RUSI in the News - October 08

Citations of RUSI expert analysis and initiatives in the global media, October 2008.

RUSI in the News

 * RUSI Experts in the News

    Reports of RUSI Events 


RUSI Experts in the News



A RUSI briefing note warns that famine in Afghanistan this winter due to rising food prices and a summer drought is currently a greater threat than the Taliban insurgency. The note says that the famine, which will affect an estimated 8.4 million Afghans, makes the mounting of an ‘intensive operation to deliver life-saving aid’ essential. 

The former UN commander in Bosnia, General Sir Michael Rose, identifies severe operational problems with the coalition forces’ efforts in Afghanistan, pointing out in the RUSI Journal that there are now insufficient combat troops to maintain momentum against the Taliban. Following the resignation of an SAS reservist commander in protest at the quality of Army Land Rovers, RUSI Associate Fellow Amyas Godfrey describes the vehicles as ‘just not designed for where we are now.’

Estimates that the Taliban possesses stockpiles of opium worth up to $3.2bn have raised questions about the group’s plans for the drug. Paul Smyth suggests that while some missing opium will have gone to China and Russia, much of it ‘may be lost during smuggling or processing, or be stashed everywhere from Kandahar to Turkey – even Western Europe.’

BBC, AFP, The Guardian, ITN, Bloomberg , Evening Standard, Daily ExpressThe News International, Pakistan, Pakistan Tribune

BBC, The Times, The Guardian, ABC, AFP, The ScotsmanChannel 4, The Press Association  Bloomberg, Daily Express, MSN, Asia News, BBC, Time

RUSI Analysis on Afghanistan


Iran’s plans to extend its military operations in the Persian Gulf have been met with suspicion, giving support to its threats to cut off oil supplies if the nation comes under attack. RUSI’s Lee Willett suggests that the Iranians could be taking the steps in order to raise the price of oil and increase their revenues.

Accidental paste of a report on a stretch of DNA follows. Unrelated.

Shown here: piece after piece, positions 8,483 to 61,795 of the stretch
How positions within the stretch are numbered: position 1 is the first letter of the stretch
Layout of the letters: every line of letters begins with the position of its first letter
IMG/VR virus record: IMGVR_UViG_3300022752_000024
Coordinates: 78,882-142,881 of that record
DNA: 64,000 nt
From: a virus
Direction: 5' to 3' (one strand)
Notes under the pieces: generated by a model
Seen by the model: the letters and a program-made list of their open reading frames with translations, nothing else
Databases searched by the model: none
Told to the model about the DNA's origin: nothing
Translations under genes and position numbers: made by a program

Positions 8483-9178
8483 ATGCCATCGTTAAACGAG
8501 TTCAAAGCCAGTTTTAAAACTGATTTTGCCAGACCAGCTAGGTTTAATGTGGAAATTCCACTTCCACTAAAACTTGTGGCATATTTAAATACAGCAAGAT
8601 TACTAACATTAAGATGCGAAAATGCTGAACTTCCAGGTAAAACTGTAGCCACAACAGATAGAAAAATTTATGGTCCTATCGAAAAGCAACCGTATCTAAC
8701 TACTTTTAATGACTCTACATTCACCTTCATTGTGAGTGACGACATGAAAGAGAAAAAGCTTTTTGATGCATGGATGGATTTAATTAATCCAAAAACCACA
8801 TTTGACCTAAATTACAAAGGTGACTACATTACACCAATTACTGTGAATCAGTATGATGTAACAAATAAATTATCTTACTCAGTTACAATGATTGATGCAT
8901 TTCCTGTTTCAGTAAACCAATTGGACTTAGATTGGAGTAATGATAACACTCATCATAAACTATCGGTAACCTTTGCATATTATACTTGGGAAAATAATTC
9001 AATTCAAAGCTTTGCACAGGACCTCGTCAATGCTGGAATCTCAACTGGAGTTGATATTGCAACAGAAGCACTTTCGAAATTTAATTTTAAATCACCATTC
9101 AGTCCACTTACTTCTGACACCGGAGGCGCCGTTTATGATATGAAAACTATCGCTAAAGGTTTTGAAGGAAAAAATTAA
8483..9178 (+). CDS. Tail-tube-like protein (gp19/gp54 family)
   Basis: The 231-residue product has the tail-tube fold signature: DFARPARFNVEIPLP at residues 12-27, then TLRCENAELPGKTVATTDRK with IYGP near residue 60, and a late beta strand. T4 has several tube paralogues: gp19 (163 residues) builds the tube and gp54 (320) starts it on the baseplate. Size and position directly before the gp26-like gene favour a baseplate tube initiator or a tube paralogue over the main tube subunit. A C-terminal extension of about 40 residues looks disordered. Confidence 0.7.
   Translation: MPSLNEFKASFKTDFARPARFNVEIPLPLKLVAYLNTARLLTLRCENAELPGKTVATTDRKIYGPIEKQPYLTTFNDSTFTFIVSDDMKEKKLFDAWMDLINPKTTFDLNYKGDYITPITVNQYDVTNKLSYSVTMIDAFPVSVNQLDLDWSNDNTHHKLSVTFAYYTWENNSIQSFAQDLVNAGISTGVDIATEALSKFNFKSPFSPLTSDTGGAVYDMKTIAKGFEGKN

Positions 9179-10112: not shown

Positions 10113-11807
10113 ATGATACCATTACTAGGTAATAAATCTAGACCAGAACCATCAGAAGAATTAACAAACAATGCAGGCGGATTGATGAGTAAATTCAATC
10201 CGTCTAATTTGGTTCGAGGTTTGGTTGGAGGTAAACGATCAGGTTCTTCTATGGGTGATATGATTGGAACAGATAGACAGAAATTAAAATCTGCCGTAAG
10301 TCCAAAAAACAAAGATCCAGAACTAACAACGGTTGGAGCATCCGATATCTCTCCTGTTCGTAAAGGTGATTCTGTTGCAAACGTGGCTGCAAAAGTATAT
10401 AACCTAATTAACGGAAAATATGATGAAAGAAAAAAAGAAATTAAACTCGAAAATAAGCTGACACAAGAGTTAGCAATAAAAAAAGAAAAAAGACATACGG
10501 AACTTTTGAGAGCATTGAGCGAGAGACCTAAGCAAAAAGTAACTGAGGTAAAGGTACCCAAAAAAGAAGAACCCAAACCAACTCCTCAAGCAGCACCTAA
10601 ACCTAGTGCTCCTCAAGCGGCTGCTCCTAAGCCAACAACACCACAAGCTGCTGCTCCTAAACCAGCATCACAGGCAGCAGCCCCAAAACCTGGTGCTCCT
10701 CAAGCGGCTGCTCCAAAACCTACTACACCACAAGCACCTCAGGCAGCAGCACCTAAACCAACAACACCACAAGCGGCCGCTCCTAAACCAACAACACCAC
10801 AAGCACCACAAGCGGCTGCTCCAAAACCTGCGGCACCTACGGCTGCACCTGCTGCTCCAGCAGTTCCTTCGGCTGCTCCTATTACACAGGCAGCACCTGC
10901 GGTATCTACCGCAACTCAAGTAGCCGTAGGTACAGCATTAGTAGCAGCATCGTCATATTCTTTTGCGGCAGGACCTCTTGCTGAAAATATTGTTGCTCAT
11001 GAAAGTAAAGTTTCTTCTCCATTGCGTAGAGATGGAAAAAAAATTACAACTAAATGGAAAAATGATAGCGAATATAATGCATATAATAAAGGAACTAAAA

The Guardian

RUSI Analysis on Iran


The American decision to permit cross-border attacks on terrorist targets in Pakistan runs the risk of alienating Pakistani opinion, according to Noshad Khan. ‘A majority of Pakistanis believe that most US policies are not against Muslims in general, but also against Islam,’ he comments.  ‘Some circles claim that the US wants to destabilise and disarm Pakistan.’

Sunday Herald


The success of ‘soft’ measures to combat terrorism in Saudi Arabia has encouraged others to examine applying the procedures elsewhere in the world. RUSI Associate Fellow Christopher Boucek applauds the growing international recognition that terrorism cannot be tackled by hard security measures alone.

Tehran Times

RUSI Transnational Terrorism Project

UK Armed Forces

The appointment of former NATO Afghanistan commander General Sir David Richards as Chief of General Staff is viewed by RUSI Director Michael Clarke as a wise choice. ‘His previous commands have been clear successes as far as the military and public are concerned,’ he observes.

Financial Times

RUSI Analysis on Military Sciences

Reports of RUSI events

NATO Supreme Allied Commander at RUSI

General John Craddock, the supreme NATO commander in Europe, argued in a speech at RUSI that members of the alliance were demonstrating a lack of political will in failing to send the promised numbers of troops to Afghanistan.

The Telegraph, AFP, Times of India, UPI, Deutsche Welle, National Post, Pakistan Observer, Washington TimesChina Daily

General John Craddock’s speech at RUSI

Space for Defence and Security

Asia’s rising ambitions in space have led to concerns that it will threaten existing space powers and contribute to space’s militarisation. Brigadier General John Hyten, director of requirements for the US Air Force's Space Command, told an audience at RUSI: ‘space is a contested environment - though many people still don't believe this’.

Jane’s Information Group

Space for Defence and Security Summary

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